Dede: God. How does a woman get so bitter?
--The Opposite of Sex (1998)
My own bitter observation: "TV actresses" never get the love they deserve until they make that stealthy transition to the silver screen. Some may never get their due respect; like a Sarah Michelle Gellar - whose physical, comic and crushing turn as Buffy would ascend the cinematic heights of... magic crustaceans and dead Japanese kids baring the grudge of a Hollywood remake. (That was Bitter Observation #2.) For every damning P.S. I Love You, there's still Lisa Kudrow's savory sense of humor underlying all that manufactured bliss - and Hilary Swank being "girly and fun" (no one's buying it Warner Brothers.) Kudrow's characters balance well between TV and film. Either they're so confidently clueless that they couldn't care less, or they're so hyper aware they'll do just about anything to alter their situation. Kudrow's best moments come when placed at that delicate cusp of self awareness. Even her ditsiest selves have dreams wherein they know the formula for glue.
Lisa's sardonic strengths hit so masterfully under the radar and always for maximum effect. There's an understated intellect and biting wit even in her most deluded variations. Cherish is the word I'd use to describe her sublime performance on The Comeback. Valerie Cherish is a divinely humble creation; a washed-up sitcom star making her prestigious (but only to herself) return to the dregs of network TV. She even has her own reality show, but in her strict attempt to avoid any reality, it eventually hits her much like a cupcake shooting a low blow to the stomach. Sweet, painful... satisfying.
Hers is the subtly sweet, knockout punch that will give you "the rare double vomit." Valerie may not have her dignity, but maybe just enough fame to forego that worry for one more TV season -- exactly when this series was canceled (Bitter Observation #3). Behind Kudrow's every gesture is a pointed but understated truth, and it probably helps that Kudrow had a hand in the astute writing. Any attempt by Valerie to hide something becomes her greatest exposure. It's so befitting (and ironic) then that her catchphrase is, "I don't want to SEE that!""A cupcake's never funny the second time. Never."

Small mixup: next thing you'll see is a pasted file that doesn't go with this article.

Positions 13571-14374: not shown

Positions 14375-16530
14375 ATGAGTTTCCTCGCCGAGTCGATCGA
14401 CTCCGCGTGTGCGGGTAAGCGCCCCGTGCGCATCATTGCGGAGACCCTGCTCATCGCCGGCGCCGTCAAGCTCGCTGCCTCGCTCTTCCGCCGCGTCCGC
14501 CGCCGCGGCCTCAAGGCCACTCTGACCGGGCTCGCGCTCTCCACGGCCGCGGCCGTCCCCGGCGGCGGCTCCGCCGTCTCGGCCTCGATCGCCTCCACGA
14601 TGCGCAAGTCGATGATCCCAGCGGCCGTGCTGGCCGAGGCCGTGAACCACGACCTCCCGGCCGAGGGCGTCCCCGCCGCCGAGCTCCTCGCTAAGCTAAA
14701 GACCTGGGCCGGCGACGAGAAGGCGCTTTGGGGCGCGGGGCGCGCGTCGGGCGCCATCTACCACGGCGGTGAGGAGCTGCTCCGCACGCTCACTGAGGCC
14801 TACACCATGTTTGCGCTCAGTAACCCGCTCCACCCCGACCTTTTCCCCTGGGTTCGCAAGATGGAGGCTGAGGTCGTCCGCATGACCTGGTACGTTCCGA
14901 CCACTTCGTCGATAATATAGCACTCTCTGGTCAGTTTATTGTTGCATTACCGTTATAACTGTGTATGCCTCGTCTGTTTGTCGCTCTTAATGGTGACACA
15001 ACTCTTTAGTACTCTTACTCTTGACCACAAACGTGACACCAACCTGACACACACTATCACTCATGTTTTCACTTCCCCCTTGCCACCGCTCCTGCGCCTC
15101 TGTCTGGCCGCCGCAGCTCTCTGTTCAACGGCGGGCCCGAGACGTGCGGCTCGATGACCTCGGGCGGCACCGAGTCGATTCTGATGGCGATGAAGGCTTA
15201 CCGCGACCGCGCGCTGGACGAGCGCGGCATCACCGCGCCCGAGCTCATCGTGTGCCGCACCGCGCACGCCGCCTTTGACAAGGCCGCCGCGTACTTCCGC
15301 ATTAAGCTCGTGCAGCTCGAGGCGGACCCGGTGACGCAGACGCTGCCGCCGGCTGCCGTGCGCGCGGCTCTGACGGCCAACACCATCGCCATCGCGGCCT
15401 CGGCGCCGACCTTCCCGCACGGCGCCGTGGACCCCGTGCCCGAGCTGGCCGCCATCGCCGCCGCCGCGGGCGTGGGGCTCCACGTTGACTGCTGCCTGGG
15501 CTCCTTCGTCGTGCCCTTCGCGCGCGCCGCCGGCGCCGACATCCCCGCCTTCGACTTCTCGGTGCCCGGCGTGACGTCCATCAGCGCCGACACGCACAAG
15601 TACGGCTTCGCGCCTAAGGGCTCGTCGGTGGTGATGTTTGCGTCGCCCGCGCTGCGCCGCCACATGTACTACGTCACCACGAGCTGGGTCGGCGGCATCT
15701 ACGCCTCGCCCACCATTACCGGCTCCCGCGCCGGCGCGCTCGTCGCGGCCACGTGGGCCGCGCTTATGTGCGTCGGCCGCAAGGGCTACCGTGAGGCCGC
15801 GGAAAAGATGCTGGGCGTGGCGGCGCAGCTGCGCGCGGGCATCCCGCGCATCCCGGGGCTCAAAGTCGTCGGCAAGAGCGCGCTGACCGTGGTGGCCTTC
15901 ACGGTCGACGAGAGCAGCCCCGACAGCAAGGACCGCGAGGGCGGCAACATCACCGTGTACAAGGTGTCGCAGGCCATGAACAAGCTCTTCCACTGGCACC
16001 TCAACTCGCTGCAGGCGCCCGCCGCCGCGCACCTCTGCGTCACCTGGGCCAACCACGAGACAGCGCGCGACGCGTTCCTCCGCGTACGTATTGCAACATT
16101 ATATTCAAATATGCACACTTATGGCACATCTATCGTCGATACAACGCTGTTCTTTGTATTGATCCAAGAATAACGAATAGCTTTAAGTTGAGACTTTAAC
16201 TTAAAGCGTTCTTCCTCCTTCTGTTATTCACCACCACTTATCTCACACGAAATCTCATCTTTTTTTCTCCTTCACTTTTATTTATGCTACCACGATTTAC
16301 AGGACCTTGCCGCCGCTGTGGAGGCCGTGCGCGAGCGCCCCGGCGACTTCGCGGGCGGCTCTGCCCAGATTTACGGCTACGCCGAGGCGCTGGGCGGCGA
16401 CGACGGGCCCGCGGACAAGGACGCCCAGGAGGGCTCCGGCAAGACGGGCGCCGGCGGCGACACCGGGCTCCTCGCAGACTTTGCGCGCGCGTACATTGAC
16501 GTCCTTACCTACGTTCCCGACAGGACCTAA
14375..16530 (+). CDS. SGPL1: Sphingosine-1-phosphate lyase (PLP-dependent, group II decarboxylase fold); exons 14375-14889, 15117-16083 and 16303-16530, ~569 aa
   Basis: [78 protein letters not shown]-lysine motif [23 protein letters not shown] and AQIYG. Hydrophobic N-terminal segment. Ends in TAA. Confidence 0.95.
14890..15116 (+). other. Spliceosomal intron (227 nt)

Likewise her hysterical collaborations with writer/director Don Roos continually tap into that same inner judgment, and translates her talents so well to the big screen. If her characters are now too bitter or jaded to be bound by network standards, at least they get their cinematic happy endings. Like Lucia of The Opposite of Sex, who so desperately wants to meet someone who'll love and shampoo her, but would never utter the word "love" without a shudder down the spine and convulsive snide remark. Or Mamie of Happy Endings whose job at an abortion clinic is more or less therapy for giving away her stepbrother's baby; that bitterness is undercut with some real soul and sympathy. She gives these characters their world-weary backbone.
Web Therapy, Kudrow and Don Roos' latest collaboration, is another painfully bracing comedy about yet another woman on that path of excruciating self-discovery. Meet Fiona Wallace, a therapist bored with anything beyond three-minute sessions, who needs patients who can launch her pitiful online career. The slow burn of the web series is an evolving character comedy of a person so selfish, so disparaging, that her act of observing others becomes all about her own reveal. Secrets and truths are exposed, wounds are opened and salted, and we haven't even gotten to her patients.
Whenever moments are almost too painful to watch, Lisa Kudrow ensures it's Must See TV.
[editors note: Web Therapy is also now available on iTunes]